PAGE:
Thursday, July 25, 2013

Straw-Man Spec

Consider this a straw-man outline of the spec, as I envision it.

What’s inside?

  1. An e0 file has file extension .e0
  2. An e0 is a zipped folder which contains an index.html file
  3. index.html is an HTML5 content file, and shall contain at least one nav element, unless index.html is the only HTML5 content file.
  4. By default, the first nav element in index.html serves as both primary navigation (hereafter referred to as "toc") and as an indication of the reading order (hereafter referred to as "spine", in keeping with EPUB terminology). If an li element in the first nav in index.html is not otherwise marked, the referenced file should appear in both the reading system's primary navigation interface, and be part of the linear reading order.
  5. If a file should be omitted from toc, but remain in the spine, use the hidden attribute on the list item. Among other things, this means that, in most cases, a web browser (that knows nothing of e0) opening up index.html will do the right thing.
  6. If a file should be omitted from the spine, but remain in the primary toc, add role="toc" to the list item. We’re hoping this is quite rare.
  7. If a file should be omitted from both the spine and toc, it should not appear in nav in index.html. There’s no obligation for all content documents to appear here.
  8. An e0 reading system should not open index.html directly, but display the first content file referenced in the first nav in index.html (unless there's no nav in index.html). Ideally this first content file would be the book cover.
  9. Document metadata lives in index.html. Section metadata can live in the individual content files. The metadata vocabulary is being discussed; for now use meta in the html head.
  10. If there is a cover image, it should be referenced in index.html via link rel="cover"
  11. Either the HTML or the XHTML serialization of HTML5 is allowed.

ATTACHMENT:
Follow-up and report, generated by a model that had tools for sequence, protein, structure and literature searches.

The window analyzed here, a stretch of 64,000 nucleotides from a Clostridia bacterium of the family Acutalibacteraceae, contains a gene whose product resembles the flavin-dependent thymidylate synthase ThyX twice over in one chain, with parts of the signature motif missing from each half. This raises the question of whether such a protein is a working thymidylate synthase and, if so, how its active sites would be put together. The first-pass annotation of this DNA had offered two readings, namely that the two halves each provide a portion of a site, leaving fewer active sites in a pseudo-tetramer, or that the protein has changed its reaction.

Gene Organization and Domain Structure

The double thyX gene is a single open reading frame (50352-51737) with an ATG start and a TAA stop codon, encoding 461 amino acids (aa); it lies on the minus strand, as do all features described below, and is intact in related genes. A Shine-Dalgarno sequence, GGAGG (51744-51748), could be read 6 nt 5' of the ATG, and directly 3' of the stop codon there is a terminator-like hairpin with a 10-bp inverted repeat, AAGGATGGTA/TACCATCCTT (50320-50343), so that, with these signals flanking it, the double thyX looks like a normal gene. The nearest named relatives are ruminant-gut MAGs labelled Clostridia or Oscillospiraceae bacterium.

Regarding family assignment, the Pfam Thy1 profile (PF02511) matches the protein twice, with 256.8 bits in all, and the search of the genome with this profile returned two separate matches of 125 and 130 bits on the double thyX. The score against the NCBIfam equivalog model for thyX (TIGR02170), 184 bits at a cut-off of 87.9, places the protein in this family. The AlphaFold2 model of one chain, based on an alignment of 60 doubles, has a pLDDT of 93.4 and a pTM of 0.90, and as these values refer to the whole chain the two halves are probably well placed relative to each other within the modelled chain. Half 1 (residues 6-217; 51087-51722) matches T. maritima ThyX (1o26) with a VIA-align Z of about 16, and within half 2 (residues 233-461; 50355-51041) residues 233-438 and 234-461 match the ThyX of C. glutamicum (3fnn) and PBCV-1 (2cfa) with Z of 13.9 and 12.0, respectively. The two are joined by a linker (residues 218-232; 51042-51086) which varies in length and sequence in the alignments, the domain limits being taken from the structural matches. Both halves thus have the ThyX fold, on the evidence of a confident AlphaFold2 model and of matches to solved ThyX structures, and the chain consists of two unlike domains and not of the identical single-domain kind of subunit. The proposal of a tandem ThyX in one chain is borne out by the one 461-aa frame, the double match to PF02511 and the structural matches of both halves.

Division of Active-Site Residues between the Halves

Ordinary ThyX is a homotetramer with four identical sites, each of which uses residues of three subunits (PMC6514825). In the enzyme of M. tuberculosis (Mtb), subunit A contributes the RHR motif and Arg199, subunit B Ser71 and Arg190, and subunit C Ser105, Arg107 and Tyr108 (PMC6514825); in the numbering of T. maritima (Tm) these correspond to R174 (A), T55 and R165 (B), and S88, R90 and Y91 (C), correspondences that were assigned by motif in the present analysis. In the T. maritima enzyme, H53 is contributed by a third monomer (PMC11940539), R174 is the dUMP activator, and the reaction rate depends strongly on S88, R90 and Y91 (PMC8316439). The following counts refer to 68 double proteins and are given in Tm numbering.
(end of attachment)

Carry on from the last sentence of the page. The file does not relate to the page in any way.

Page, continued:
12. MathML and SVG in HTML5 documents are allowed.

What’s not?

  1. There’s no mimetype file, META-INF folder, or container.xml file. Rather than using container.xml to point to the “root,” the reading system just needs to find index.html.
  2. There’s no special method of zipping
  3. There’s no package file.  index.html serves many of the same purposes, but tries to avoid duplication and non-HTML vocabularies. 
  4. There’s no manifest. The computer can figure out what files are in the zip, and can probably figure out what kinds of files they are.
  5. e0 does not have a CSS profile. 
  6. Landmarks and guides are omitted. We already know where the toc and cover are. If you want the reader to begin reading at a specific place, put that place at the beginning of the book!


  1. Simplicity
  2. Avoid duplication
  3. Use HTML vocabularies wherever possible
  4. Make life easier for the content creator, even if that makes life harder for the reading system developer


  1. That looks like a good starting position. We will modify the test cases and the AZARDI test implementation accordingly.

    Notes on the first test cases vs. the spec.

    3. We haven't got a test case with a lonely index.html. We will prep that so reading systems can exception handle that.

    4. OK.

    5. Good approach. We will update the test cases accordingly.

    6. OK. That is currently implemented.

    7. This is the major change. We cheated with the first test case and processed E0 spine and TOC to the ePub3 nav structures in AZARDI. These will now become their own thing.

    8. That is how we handled the first test implementation.

    9. The metadata should be relatively easy to update once it has been decided.

    10. OK. That is a small change.

    11. We are using both but not with fully controlled test cases. We will update accordingly.